Shawnee Police, landfill firm may partner on shooting range
A recent surge in the number of private citizens wanting to arm themselves and practice firing their guns has triggered a shortage of shooting range availability for Shawnee police officers.
But Capt. Mark Hein of the Shawnee Police Department zeroed in on a solution during the April 16 Shawnee City Council Committee meeting.
Hein told the officials that Deffenbaugh Industries, operators of the Johnson County Landfill, had approached the department with a proposal to create an indoor firearms range on remote, industrially zoned property near the landfill and the regional wastewater treatment plant in Shawnee.
Following Hein’s presentation, the council committee voted unanimously to direct city staff to finalize an agreement relating to the proposal, which calls for improving an existing building for exclusive use as a 25-yard shooting range by Deffenbaugh Industries and Shawnee Police Department employees.
According to preliminary discussions, the city will be asked to pay about $75,000 of the costs to improve the facility, which would be maintained by Deffenbaugh Industries. But according to Hein, that cost would be recouped within three years, as the facility is expected to save the city $34,000 a year in range fees and travel costs.
Hein said the department had struggled to arrange adequate shooting range time to accommodate its training needs for several years. And with the increased competition from the public, the problem is getting worse.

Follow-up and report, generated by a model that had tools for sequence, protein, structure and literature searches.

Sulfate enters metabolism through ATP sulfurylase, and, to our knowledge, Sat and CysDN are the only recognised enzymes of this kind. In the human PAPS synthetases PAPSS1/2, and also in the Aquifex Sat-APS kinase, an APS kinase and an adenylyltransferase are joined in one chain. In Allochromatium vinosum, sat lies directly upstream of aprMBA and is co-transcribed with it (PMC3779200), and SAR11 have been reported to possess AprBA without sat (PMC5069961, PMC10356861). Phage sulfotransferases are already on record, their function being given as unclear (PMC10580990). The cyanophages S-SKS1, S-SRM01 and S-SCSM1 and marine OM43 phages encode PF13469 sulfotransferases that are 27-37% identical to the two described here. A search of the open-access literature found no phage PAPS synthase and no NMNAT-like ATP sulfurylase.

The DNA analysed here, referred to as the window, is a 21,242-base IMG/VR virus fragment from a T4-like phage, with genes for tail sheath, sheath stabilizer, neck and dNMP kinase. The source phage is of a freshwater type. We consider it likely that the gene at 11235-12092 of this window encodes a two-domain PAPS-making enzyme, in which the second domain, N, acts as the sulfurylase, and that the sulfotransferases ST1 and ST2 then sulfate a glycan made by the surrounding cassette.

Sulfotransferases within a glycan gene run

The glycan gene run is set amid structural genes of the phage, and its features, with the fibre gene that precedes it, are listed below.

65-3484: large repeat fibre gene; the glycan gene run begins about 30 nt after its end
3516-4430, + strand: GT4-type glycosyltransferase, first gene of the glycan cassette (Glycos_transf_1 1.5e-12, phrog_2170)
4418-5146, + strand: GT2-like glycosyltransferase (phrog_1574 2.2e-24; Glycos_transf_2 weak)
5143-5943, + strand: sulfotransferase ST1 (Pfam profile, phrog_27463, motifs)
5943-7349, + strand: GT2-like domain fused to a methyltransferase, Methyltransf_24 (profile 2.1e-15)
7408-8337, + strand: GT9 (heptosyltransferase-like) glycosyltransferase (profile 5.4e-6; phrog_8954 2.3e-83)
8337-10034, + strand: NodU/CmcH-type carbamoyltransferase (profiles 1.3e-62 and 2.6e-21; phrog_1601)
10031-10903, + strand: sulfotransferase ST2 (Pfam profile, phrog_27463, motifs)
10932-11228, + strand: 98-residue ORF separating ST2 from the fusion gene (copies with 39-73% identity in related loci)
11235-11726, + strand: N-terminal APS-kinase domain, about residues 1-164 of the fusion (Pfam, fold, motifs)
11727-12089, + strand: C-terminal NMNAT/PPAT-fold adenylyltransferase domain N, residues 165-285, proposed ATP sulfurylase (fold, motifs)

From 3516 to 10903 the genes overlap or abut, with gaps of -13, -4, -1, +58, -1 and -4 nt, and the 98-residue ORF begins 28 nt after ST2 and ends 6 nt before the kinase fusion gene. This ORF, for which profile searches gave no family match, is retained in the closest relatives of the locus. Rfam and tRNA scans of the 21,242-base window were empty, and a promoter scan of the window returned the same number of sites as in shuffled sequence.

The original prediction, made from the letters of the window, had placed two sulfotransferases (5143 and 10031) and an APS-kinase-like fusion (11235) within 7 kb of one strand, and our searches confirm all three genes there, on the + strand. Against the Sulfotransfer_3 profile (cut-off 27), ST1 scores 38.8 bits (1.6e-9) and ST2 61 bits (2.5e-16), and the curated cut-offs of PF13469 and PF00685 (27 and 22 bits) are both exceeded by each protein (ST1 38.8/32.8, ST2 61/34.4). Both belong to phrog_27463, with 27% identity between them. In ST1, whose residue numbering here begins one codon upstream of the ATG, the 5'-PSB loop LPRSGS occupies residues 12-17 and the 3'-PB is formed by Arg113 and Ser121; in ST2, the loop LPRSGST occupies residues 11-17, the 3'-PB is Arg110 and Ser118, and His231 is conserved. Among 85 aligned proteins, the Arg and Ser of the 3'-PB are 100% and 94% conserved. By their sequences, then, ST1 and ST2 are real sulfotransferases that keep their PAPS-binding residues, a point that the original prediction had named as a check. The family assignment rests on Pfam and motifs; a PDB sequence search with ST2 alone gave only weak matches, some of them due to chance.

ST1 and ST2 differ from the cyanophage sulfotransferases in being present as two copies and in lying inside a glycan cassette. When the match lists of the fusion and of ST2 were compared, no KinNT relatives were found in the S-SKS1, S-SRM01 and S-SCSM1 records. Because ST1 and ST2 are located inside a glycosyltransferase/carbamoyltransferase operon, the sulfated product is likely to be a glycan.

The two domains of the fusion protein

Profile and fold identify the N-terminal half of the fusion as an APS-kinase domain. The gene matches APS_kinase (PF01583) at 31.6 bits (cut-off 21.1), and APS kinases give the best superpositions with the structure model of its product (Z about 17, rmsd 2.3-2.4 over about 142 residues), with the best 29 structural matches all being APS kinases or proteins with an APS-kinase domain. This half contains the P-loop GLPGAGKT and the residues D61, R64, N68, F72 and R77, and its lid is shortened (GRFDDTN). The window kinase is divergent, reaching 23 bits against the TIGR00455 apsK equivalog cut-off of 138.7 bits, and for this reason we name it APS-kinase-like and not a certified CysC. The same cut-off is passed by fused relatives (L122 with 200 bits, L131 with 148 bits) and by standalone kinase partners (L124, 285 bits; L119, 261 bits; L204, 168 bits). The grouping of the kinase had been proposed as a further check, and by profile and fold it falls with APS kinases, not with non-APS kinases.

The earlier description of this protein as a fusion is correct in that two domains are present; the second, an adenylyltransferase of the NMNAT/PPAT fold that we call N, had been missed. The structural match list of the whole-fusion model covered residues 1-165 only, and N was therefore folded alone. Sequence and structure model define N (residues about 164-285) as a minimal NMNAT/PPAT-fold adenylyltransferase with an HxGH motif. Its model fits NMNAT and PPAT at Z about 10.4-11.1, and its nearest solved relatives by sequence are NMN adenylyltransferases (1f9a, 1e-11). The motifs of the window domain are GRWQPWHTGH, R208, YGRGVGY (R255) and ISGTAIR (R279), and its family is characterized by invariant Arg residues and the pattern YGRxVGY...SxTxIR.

There are currently three Johnson County ranges available for officer training: the Bullet Hole in Overland Park, the Mill Creek Rifle Club in De Soto and a Kansas Highway Patrol range near Gardner. But routinely, Hein said, the department has had to use ranges as far away as Ottawa and St. Joseph, Mo.
The proposed agreement with Deffenbaugh Industries would accommodate at least 80 percent of the department’s firearms training needs at a distance of less than three miles from department headquarters, Hein said. But the site is far enough away from homes and other public places to minimize sound and safety concerns, he added.
“If someone were to hand you a map and say find a spot that would be a great place for an indoor range that wouldn’t bother anybody, this would be the spot,” Hein said.
In addition to modifying and maintaining the range, Deffenbaugh Industries has agreed to ensure compliance with all federal environmental and safety regulations.
Ward 2 Council Neal Sawyer, one of the committee members who supported the proposal, called it “a no-brainer.”